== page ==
By some accounts, “workaholic” was the second widespread “addiction” to be identified in a public forum (Alcoholics Anonymous was founded in 1935 to deal with the first.) Pastor and psychologist Wayne Oates wrote an article on the subject in 1968, followed by his book Confessions of a Workaholic in 1971. Although National Workaholics Day is a tongue-in-cheek holiday, there is a serious organization dedicated to helping sufferers – Workaholics Anonymous. Their website (www.workaholics-anonymous.org) has a helpful quiz to identify workaholics, including questions such as:
- Have your family or friends given up expecting you on time?
- Do you take on extra work because you are concerned that it won’t otherwise get done?
- Do you believe that it is okay to work long hours if you love what you are doing?
- Do you think about your work while driving, falling asleep or when others are talking?
“Yes” answers may mean that you need help, according to the organization, which was founded in 1983 by a New York corporate financial planner and a school teacher, who had been “hopeless” work addicts. The steps to recovery mirror the Alcoholics Anonymous 12-step process.
Workaholism seems to be a uniquely American affliction. We hear a lot about how Americans work more than Europeans, who are held up as an example of living well. According to Forbes.com, the average American works 25 hours a week; the average Frenchman 18; the average Italian about 16.5. The British come closest to our idea of full employment, logging an average of 21.5 hours per week. Our vacations are much shorter than the typical European’s as well; the U.S. worker takes 16 days of vacation each year, less than half that typically taken by the Germans (35 days), the French (37 days) or the Italians (42 days), according to a recent Wall Street Journal opinion page essay.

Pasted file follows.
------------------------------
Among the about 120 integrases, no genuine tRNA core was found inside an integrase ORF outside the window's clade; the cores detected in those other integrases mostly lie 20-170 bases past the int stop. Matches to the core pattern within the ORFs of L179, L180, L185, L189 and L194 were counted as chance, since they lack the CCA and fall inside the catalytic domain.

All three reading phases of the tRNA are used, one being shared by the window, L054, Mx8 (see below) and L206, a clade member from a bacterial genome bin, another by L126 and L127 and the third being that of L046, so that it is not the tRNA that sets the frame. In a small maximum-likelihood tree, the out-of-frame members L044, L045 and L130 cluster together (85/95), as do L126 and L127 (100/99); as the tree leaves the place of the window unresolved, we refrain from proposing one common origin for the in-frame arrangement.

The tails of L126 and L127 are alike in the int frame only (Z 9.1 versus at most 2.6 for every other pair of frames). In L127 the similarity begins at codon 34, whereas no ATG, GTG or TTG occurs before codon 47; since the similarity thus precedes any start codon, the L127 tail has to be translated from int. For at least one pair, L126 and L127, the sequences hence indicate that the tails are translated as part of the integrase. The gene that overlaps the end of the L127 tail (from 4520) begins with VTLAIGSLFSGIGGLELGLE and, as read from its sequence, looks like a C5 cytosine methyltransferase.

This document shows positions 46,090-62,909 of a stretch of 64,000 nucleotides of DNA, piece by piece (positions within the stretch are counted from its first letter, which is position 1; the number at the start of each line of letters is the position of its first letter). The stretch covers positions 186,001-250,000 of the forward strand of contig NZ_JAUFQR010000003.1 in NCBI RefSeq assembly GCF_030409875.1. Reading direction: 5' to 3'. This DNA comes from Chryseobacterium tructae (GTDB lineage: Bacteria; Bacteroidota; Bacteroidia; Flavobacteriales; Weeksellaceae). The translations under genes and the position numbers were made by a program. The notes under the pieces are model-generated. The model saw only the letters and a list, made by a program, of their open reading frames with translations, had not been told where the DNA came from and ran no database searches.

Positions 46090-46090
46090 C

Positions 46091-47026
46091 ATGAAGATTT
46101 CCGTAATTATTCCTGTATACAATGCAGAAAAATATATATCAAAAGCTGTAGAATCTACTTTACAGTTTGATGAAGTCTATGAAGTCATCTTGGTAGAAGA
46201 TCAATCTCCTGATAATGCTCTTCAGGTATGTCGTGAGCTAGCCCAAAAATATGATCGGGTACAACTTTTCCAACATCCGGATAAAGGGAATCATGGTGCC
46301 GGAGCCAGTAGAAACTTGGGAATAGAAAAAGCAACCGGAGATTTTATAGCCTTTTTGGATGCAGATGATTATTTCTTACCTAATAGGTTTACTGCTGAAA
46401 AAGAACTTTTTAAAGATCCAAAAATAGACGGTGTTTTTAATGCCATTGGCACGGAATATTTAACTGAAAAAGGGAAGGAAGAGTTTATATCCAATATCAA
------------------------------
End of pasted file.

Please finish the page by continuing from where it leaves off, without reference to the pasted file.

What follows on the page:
Some people attribute our American work ethic to our Puritan ancestors. There was no free lunch in the New World – you ate only when you were productive and had shelter only when you built a home. Our culture, perhaps more than any other in the world, views your career as an essential element of who you are. “What do you do?” is one of the first questions an American will ask another socially – a question that would be considered impertinent in other cultures.
Americans take pride in working hard and firmly believe that their work is tied to their social and economic success. Voting on the “Most Likely to Succeed” has been a tradition in our schools for over a century. We read the articles comparing the American and European work ethics with pride; we brag about skipping lunch and working more hours than our peers.
For every proud workaholic, there is of course his counterpart, sitting at home in his bunny slippers. CLAWS (Creating Livable Alternatives to Wage Slavery) was founded by D.J. Swanson in the late 1990’s to bring together people who just weren’t that interested in a career. They prefer the term “job-free” to “unemployed,” which has too many negative connotations, according to the founder. CLAWS main purpose is “to encourage people to value leisure, re-think the Puritan work ethic… and to promote viable alternatives to wage slavery.”
The site promotes alternatives to full-time jobs and advocates on behalf of people who feel marginalized because of their attitudes about work and money. CLAWS’s founder is no longer affiliated with the site – she had to leave in good conscience when its upkeep began to feel like work. According to its online manifesto, while CLAWS is not against ‘work’ per se, they do “feel it is time to question our outdated belief in the ‘work ethic’ and scrutinize this whole business of ‘making a living.’”
I could not find the origin of National Workaholics Day, but this year, it follows a national holiday on Monday. For the record, I’m taking the day off.